Crooks are targeting British golfers by creating FAKE greens in secluded areas on Spanish golf courses – then robbing them
- The thefts are happening in Majorca, Spain, in and around the capital Palma
- Crooks stole a £16,000 Swiss watch and over £1,300 in cash earlier this week
Crooks are targeting British golfers in Majorca, Spain, by drilling ‘false holes’ in secluded areas of golf courses so they can rob them.
Professional criminals are drilling false holes in greens and moving flags so they can get golfers into an area where it’s easier to steal their belongings and make their getaway without being caught, according to local reports.
The theft problems are said to be affecting golf courses in and around the capital Palma, as well as the municipality of Calvia which includes Magaluf and Santa Ponsa, and wealthy Andratx.
One popular golf club on the holiday island is putting clients on guard by handing out leaflets before they reach the first tee in four languages including English.
Thieves stole a £16,000 Swiss watch and more than £1,300 in cash from the bag of a distracted golfer earlier this week as he focused on his putt and took his eyes off his spare clubs and other belongings, according to island newspaper Diario de Mallorca.
Professional criminals are drilling false holes in greens and moving flags so they can get golfers into an areawhere it’s easier to steal their belongings and make their getaway without being caught, according to local reports. Stock photo of Spanish golf course, no thefts happened here
Thieves stole a £16,000 Swiss watch and more than £1,300 in cash from the bag of a distracted golfer earlier this week as he focused on his putt and took his eyes off his spare clubs and other belongings. File photo of Spanish golf course, no thefts happened here
Vall d’Or Golf near Portocolom on the island’s east coast is now handing out leaflets in Spanish, English, French and German to golfers before they start playing which say: ‘Dear clients, given the wave of thefts that are taking place in the golf courses of Majorca, we remind you to keep an eye on your belongings.’
Israel Rodriguez, director of the club which is popular with British expats and holidaymakers, told local press: ‘It might not be a very commercial solution, but it’s been the most effective because after the theft has taken place all we can do is advise victims they should report it.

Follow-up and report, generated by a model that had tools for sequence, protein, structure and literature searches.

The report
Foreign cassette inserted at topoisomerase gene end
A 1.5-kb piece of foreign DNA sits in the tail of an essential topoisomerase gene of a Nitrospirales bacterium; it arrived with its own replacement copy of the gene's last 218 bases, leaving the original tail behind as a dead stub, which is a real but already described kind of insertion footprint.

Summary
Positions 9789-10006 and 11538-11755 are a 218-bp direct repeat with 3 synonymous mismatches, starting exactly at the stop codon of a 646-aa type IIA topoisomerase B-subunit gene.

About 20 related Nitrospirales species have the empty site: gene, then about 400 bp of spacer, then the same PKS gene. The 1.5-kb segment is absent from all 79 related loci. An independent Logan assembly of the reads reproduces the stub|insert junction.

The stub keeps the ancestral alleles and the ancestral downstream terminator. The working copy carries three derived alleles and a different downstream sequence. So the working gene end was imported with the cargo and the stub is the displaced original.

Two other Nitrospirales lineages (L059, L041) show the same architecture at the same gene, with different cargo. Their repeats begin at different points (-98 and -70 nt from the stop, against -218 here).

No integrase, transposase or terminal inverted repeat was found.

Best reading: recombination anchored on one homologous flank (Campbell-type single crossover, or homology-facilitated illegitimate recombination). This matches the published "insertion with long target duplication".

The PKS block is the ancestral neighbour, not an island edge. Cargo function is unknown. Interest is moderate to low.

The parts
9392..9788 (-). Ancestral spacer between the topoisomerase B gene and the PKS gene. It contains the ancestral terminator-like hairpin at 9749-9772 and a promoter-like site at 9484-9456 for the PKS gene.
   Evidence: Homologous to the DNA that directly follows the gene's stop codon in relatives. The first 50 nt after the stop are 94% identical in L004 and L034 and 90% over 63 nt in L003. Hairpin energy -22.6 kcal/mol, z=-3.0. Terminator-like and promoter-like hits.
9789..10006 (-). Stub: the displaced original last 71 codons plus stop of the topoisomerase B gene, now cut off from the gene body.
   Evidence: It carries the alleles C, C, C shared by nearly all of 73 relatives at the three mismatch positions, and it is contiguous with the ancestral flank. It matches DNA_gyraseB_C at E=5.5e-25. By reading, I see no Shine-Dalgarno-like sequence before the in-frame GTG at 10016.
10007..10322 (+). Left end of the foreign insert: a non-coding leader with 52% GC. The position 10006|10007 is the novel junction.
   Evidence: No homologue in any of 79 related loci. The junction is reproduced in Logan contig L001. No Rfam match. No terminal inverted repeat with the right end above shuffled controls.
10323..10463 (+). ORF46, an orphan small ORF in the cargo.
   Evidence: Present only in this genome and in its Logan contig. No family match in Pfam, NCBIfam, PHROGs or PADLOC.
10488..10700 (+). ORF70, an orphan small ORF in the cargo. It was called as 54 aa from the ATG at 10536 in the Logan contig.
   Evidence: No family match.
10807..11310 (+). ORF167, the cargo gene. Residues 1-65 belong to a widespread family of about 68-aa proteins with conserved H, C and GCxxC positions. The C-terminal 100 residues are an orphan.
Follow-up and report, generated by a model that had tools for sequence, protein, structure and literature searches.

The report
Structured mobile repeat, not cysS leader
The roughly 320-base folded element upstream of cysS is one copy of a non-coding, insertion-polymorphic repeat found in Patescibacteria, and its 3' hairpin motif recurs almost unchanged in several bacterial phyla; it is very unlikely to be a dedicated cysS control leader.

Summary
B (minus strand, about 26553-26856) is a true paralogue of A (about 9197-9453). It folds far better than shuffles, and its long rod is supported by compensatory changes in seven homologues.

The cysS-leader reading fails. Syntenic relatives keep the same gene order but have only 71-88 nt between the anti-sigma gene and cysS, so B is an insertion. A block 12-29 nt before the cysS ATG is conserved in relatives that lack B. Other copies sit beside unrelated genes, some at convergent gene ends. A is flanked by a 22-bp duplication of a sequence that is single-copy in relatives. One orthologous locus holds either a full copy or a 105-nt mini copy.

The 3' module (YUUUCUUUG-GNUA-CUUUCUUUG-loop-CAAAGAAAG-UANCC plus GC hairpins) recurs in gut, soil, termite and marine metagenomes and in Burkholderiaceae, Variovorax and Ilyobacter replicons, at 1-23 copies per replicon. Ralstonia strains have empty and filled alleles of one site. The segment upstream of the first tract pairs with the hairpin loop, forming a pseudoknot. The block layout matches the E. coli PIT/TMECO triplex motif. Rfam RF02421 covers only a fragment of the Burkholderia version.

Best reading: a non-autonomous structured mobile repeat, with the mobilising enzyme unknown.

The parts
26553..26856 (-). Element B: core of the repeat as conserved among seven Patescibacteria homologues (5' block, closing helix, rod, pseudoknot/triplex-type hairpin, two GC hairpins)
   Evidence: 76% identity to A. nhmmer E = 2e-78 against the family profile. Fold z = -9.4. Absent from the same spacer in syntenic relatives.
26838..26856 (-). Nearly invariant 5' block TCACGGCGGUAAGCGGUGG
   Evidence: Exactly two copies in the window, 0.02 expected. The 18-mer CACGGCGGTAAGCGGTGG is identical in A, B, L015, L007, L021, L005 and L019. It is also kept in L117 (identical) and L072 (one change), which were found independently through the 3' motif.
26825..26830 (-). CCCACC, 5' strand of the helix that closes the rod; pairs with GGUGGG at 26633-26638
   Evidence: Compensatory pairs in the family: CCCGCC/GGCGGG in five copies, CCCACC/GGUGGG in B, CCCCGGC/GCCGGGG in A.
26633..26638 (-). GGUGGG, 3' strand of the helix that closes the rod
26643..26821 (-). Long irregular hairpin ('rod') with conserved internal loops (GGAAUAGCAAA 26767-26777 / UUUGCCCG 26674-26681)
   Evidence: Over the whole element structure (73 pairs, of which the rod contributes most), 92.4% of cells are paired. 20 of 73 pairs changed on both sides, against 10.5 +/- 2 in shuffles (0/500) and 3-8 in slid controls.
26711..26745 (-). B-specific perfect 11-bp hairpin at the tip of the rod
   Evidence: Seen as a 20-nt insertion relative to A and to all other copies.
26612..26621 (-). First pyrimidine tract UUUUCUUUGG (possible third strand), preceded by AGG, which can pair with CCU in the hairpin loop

‘Better to advise them before and not after they find their £13,000 watch and another £550 in cash has gone missing as has happened.’
The criminals behind the thefts are thought to study the courses before striking, and target victims at so-called ‘black spots’ where they feel their chances of getting their hands on golfers’ valuables without being caught, and in many cases even noticed, can be maximised.
Those areas tend to be open with no fencing around the course and near roads the thieves can use to make a quick getaway.
Thefts on golf courses are not unique to Majorca. They have been raised as a problem as well in areas like the Costa del Sol.
One British golfer who regularly practices in the area has warned online: ‘It is much more typical for thieves to try to steal your belongings while you are actually out on the course, and not in the vicinity of the clubhouse where there are generally more people around.
‘These thieves are not fools. They carefully pick particular holes on the course to operate on, in particular holes where you park your buggy next to the green, and they carry out the theft while you are busy on the green, probably with the buggy not in plain sight.
‘This is opportunistic general theft, very rarely mugging. That is, the thief is unlikely to hold you up with a knife or gun. They want to steal valuable items that you carelessly leave unprotected.
‘As a frequent golfer on the Costa del Sol, I hear stories about theft from particular courses. But it is really unfair to mention those courses.’